Rugby Spectacular at Hong Kong Football Club

Rugby Union - Hong Kong
By Bill Cox, Epoch Times
April 28, 2016 Updated: April 28, 2016

A Hong Kong National team took on University of Waikato Chiefs Development Squad at Hong Kong Football Club on Saturday April 23, as part in a day full of Rugby starting at 8am and going right through until the evening. The main event in the evening was the annual Taipan challenge.

Mini Rugby matches took place all morning, followed by an Operation Breakthrough match against HK Colts, then a game between HK Disciplined Services and a HK Selection, the annual Varsity match between Northern and Southern Hemispheres, then HK against Waikato Chiefs Development Squad (Waikato Chiefs), and after a HK Police Pipe and Drum Band the Taipan’s match.

Although all were fully entertaining and holding a special meaning for sections of spectators, the two top featured matches were the Chiefs against Hong Kong kicking off at 3:45 and the annual Taipan’s match starting at 17:30.

As might be expected the Waikato Chiefs, the development squad  of a top Super Rugby team were young, very fit, selected for their rugby talent, still learning but well-groomed in the art of the game. The squad was well up to the task of taking on the Hong Kong Nations team. This is the second time they have visited Hong Kong staying almost a week on this trip. 

The 27 strong Waikato Chiefs squad trained alongside the Hong Kong national players and with members of Hong Kong’s wider development player pool prior to Saturday’s friendly against Hong Kong. They also visited and trained at the recently opened Rugby 15’s Elite Training Centre.  The Waikato Chiefs players are drawn from the Chiefs region of Provincial Union counties of Manukau, Waikato, Bay of Plenty and Taranaki in New Zealand

Hong Kong were first on the scoresheet when Ben Rimene slotted over a penalty in the 3rd minute of the game from an error forced by a spirited opening surge by Hong Kong. But this was short lived as the Chiefs hit back almost immediately showing their speed, tackling power and fast handling to put their scrum-half over for their first try. Although near the sideline the conversion seemed just a formality for the strong-kicking full back to take a 7-3 lead.

In the early stages it looked like the Waikato Chiefs would run away with the game, but perhaps too eager to show their paces, they made needless errors while in attack and were penalized on many occasions.  Another error in a kickable position allowed Hong Kong to pick up a second penalty to make the score 6-7 at half time.

It was not until the last quarter of the match that the Chiefs showed their real talent. A penalty to Chiefs on 57 minutes moved the score to 10-6, then 2 tries in the next 10 minutes to take the score to 24-6. By this time they were in full flow. Another two tries including an 80 metre run for the line gave Chiefs a final score of 38-6. Hong Kong battled gamely, and had some good attacking moves but Waikato Chiefs also demonstrated their defensive skills and speed of recovery to deny Hong Kong a further score.

The Taipan’s

The annual Taipan’s challenge match dates back to 1951 as an annual match between a team hosted by the Commander of the British Forces in Hong Kong and one for a business leader (the Taipan). Since the British forces pulled out in 1997 the match took a break until it was reintroduced in 2011. The new format is one team representing the Taipan playing another selected by a stalwart of the HK Rugby community (the Challenger). This year the Taipan was John Slosar, Chairman Swire Group and the Challenger New Zealand Peter Duncan.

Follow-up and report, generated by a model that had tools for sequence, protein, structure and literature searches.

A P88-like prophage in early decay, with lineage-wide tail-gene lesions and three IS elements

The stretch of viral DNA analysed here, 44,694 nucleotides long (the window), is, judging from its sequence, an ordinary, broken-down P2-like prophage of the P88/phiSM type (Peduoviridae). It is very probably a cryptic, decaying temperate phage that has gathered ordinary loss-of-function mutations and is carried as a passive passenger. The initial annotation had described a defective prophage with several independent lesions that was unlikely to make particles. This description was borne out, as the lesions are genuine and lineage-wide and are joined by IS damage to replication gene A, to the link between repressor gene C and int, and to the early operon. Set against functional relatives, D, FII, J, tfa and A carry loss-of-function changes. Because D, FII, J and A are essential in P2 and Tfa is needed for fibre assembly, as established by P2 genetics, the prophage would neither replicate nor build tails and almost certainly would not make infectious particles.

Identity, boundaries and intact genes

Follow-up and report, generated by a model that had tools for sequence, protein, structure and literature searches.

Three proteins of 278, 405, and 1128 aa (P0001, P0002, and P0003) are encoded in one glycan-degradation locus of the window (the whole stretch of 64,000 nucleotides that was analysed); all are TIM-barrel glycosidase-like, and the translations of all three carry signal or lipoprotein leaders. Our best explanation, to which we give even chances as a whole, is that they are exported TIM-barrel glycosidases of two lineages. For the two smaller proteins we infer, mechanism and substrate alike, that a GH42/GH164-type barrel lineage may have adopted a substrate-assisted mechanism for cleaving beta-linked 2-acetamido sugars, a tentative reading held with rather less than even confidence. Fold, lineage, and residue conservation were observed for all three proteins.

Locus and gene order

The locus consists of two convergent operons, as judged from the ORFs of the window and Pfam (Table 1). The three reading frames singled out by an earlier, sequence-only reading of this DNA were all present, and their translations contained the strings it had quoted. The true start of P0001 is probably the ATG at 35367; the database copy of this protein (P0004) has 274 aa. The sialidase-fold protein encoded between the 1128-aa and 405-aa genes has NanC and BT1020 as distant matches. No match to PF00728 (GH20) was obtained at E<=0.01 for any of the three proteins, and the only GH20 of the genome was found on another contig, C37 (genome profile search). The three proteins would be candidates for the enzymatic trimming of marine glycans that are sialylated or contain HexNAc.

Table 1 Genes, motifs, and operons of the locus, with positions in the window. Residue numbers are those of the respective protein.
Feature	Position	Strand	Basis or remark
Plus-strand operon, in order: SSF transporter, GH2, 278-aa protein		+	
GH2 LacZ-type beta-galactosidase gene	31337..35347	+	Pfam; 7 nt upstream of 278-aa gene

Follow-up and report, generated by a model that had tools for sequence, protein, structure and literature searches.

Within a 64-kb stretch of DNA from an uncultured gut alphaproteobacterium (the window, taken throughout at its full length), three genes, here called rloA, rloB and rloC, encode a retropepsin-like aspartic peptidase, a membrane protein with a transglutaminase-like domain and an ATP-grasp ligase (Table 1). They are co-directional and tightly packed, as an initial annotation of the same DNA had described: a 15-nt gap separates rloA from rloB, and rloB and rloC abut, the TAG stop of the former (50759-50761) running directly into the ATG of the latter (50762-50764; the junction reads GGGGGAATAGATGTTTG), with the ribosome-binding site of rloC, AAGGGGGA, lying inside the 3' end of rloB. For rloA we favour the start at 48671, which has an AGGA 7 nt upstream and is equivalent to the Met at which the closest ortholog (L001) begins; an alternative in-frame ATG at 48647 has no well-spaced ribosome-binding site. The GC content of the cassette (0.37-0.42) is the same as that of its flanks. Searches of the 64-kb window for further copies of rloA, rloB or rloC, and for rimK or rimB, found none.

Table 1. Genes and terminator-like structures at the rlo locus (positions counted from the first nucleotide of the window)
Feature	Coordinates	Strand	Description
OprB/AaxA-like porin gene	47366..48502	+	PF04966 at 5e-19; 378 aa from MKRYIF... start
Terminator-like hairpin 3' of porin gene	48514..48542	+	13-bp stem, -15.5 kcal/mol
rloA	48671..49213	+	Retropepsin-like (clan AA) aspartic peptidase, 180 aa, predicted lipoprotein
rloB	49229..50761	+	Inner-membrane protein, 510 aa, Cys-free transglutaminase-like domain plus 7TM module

The team selections for this match were spot on, resulting in fast moving open rugby with both teams fully committed. Initially it looked like the Taipan’s were too strong dominating play in the opening 10 minutes and running in 2 tries to put 12 points on the board. It all looked too easy, with the challengers not very coordinated and coming under continual pressure, but the game changed as soon as the Challengers got better organized, running in a try for 12-5 after 15 minutes of play.

Niall Rowark just reaches the line to score for the Taipans in the annual Taipan vs Challenger match at Hong Kong Football Club on Saturday April 23, 2016. (Bill Cox/Epoch Times)
Seb Alonso just reaches the line to score for the Taipans in the annual Taipan vs Challenger match at Hong Kong Football Club on Saturday April 23, 2016.
(Bill Cox/Epoch Times)

The Challengers pushed over for another try on the 23rd minute, questioned by the Taipan’s who thought the ball was not grounded, but the try stood leveling the score at 12-12. Taipan’s made a strong attack in an attempt to regain the lead but a pass interception by the Challengers took the play back into the Taipan’s half and with strong deceptive runs by several of the Challengers players, out maneuvered the Taipan’s for another score. 12-19.

The Challengers continued to press forward but a breakaway by Taipan’s put their No. 7 over to reduce the gap to 17-19 at half time.

The second half was 40 minutes of high quality, providing immense entertainment to all who watched – Rugby not often witnessed and at its best.  A try by Taipan’s on 57 minutes was converted for a 24-19 lead. A further try by Taipan’s on 34 minutes took their lead to 31-19. Many good moves and close calls continued but that was the winning score with Taipan’s triumphant. A reversal of last year’s result when the Challengers just edged Taipan’s 43-41.